CEDAR CITY – Proclaiming a “new chapter of American greatness,” President Donald Trump issued a call for unity and strength Tuesday in his first address to a joint session of Congress since taking office in January.
“That torch is now in our hands,” Trump said. “And we will use it to light up the world. I am here tonight to deliver a message of unity and strength, and it is a message deeply delivered from my heart.”
Condemned by several civil rights groups who had accused him of being slow in denouncing the violent anti-Semitic acts sweeping the country, the president opened his remarks by denouncing the recent threats against the Jewish community and a fatal shooting in Kansas being investigated as a hate crime.
In an appeal to American optimism, Trump asked the country to “believe, once more, in America,” and declared, “The time for small thinking is over.”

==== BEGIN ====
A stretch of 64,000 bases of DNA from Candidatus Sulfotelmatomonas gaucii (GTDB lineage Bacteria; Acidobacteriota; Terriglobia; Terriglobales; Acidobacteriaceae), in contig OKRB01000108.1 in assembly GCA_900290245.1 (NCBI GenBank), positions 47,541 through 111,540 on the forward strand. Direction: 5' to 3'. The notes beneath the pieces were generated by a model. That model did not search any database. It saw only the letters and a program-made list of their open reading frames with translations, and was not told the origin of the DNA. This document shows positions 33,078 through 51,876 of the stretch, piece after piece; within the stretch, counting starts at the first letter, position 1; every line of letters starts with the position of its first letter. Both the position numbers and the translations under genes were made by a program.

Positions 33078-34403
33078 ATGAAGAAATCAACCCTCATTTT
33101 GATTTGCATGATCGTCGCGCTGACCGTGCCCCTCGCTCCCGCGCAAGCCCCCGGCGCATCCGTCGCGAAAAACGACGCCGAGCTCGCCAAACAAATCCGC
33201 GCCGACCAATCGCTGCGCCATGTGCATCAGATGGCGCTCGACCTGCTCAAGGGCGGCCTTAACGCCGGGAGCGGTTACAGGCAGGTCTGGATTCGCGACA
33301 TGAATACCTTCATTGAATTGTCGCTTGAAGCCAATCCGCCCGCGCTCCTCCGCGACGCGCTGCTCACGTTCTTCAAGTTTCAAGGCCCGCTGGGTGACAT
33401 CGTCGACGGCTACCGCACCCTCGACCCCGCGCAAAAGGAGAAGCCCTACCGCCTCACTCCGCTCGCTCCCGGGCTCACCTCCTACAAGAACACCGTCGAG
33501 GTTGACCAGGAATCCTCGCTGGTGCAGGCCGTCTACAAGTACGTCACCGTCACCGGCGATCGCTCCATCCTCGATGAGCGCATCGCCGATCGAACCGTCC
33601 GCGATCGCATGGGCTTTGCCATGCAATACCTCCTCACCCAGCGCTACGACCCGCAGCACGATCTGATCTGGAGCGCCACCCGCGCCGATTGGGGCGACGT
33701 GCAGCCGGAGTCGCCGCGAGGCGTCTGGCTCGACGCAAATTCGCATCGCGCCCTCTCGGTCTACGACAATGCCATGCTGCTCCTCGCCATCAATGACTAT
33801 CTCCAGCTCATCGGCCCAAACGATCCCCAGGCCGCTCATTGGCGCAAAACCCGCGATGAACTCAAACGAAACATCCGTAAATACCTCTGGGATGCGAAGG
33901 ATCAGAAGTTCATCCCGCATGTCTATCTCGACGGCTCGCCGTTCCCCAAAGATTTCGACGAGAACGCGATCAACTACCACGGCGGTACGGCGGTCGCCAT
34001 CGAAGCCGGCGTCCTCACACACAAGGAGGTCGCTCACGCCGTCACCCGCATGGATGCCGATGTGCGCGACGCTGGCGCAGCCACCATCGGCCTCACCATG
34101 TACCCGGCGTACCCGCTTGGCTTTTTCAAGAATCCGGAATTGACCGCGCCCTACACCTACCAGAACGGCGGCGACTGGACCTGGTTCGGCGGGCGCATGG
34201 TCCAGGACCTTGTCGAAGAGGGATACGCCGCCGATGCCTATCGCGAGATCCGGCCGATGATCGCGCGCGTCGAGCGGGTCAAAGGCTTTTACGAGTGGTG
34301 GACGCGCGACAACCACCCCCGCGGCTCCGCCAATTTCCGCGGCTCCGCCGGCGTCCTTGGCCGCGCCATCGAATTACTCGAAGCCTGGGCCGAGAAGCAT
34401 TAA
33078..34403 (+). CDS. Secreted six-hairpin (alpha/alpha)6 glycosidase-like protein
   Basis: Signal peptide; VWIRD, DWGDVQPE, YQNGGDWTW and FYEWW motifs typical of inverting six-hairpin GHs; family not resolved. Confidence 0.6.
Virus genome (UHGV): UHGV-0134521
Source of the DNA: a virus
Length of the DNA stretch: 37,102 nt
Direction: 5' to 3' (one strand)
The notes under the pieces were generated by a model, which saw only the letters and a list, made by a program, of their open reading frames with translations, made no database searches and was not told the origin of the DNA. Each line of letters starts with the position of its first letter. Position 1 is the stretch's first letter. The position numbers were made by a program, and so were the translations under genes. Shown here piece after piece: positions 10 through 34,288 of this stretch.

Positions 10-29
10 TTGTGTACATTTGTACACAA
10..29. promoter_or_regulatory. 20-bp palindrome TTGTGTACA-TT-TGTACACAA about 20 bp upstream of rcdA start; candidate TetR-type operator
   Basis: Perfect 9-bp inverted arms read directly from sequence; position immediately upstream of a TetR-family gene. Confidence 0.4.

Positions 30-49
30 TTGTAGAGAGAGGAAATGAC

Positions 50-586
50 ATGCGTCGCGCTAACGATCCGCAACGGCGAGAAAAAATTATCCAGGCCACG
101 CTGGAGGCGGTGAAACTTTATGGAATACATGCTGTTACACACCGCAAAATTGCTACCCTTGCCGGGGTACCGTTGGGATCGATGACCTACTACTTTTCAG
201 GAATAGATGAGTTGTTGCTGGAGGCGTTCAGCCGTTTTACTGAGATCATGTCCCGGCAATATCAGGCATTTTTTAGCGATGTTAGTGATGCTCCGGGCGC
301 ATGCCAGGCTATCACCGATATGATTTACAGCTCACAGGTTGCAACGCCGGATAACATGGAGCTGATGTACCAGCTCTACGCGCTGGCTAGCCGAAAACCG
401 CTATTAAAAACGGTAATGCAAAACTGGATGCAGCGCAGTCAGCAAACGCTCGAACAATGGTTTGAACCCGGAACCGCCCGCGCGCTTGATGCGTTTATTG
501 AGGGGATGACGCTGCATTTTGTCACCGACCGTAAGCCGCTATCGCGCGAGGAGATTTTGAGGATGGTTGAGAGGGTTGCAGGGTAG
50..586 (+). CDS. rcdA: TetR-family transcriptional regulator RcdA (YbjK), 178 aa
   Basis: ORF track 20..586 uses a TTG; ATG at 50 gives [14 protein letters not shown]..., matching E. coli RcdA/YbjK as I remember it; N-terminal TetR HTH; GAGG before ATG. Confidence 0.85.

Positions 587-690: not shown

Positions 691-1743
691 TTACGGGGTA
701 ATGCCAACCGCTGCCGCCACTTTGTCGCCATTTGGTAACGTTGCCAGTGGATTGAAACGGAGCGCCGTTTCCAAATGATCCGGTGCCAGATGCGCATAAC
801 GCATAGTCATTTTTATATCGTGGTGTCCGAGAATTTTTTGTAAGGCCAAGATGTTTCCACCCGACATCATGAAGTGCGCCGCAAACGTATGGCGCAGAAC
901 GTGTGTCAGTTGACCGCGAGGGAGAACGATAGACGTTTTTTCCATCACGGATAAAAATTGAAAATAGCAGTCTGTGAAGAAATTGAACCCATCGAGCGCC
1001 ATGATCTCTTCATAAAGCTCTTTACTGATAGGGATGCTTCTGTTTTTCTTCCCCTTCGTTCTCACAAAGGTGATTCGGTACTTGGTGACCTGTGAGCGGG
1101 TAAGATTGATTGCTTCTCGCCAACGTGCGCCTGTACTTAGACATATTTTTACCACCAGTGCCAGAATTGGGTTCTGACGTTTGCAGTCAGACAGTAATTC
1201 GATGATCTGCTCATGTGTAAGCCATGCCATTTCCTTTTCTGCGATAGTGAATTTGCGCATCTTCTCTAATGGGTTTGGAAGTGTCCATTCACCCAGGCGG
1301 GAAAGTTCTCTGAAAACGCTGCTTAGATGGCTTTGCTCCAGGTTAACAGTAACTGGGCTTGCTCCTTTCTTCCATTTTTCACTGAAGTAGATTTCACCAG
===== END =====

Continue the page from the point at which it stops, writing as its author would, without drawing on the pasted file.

He offered an upbeat vision for the future of the country, trading in a combative and hard-hitting attitude for a softer and more presidential tone.
“A new chapter of American greatness is now beginning. A new national pride is sweeping across our nation,” Trump said. “And a new surge of optimism is placing impossible dreams firmly within our grasp.”
Trump made economic recovery the focus of his address that lasted roughly an hour. He asked Congress to help him “restart the engine of the American economy” through tax cuts, better trade deals, immigration enforcement and a $1 trillion infrastructure program.
“Everything that is broken in our country can be fixed,” Trump said. “Every problem can be solved. And every hurting family can find healing, and hope.”
He called for a “national rebuilding,” urging Congress to give him legislation that will fulfill these goals.
Referring to a campaign promise that he has not yet fulfilled in his short five-week stint, Trump said his team is creating a “historic tax reform that will reduce the tax rate on our companies so they can compete and thrive anywhere and with anyone.” He committed to a “big, big cut” that includes a “massive tax relief for the middle class.”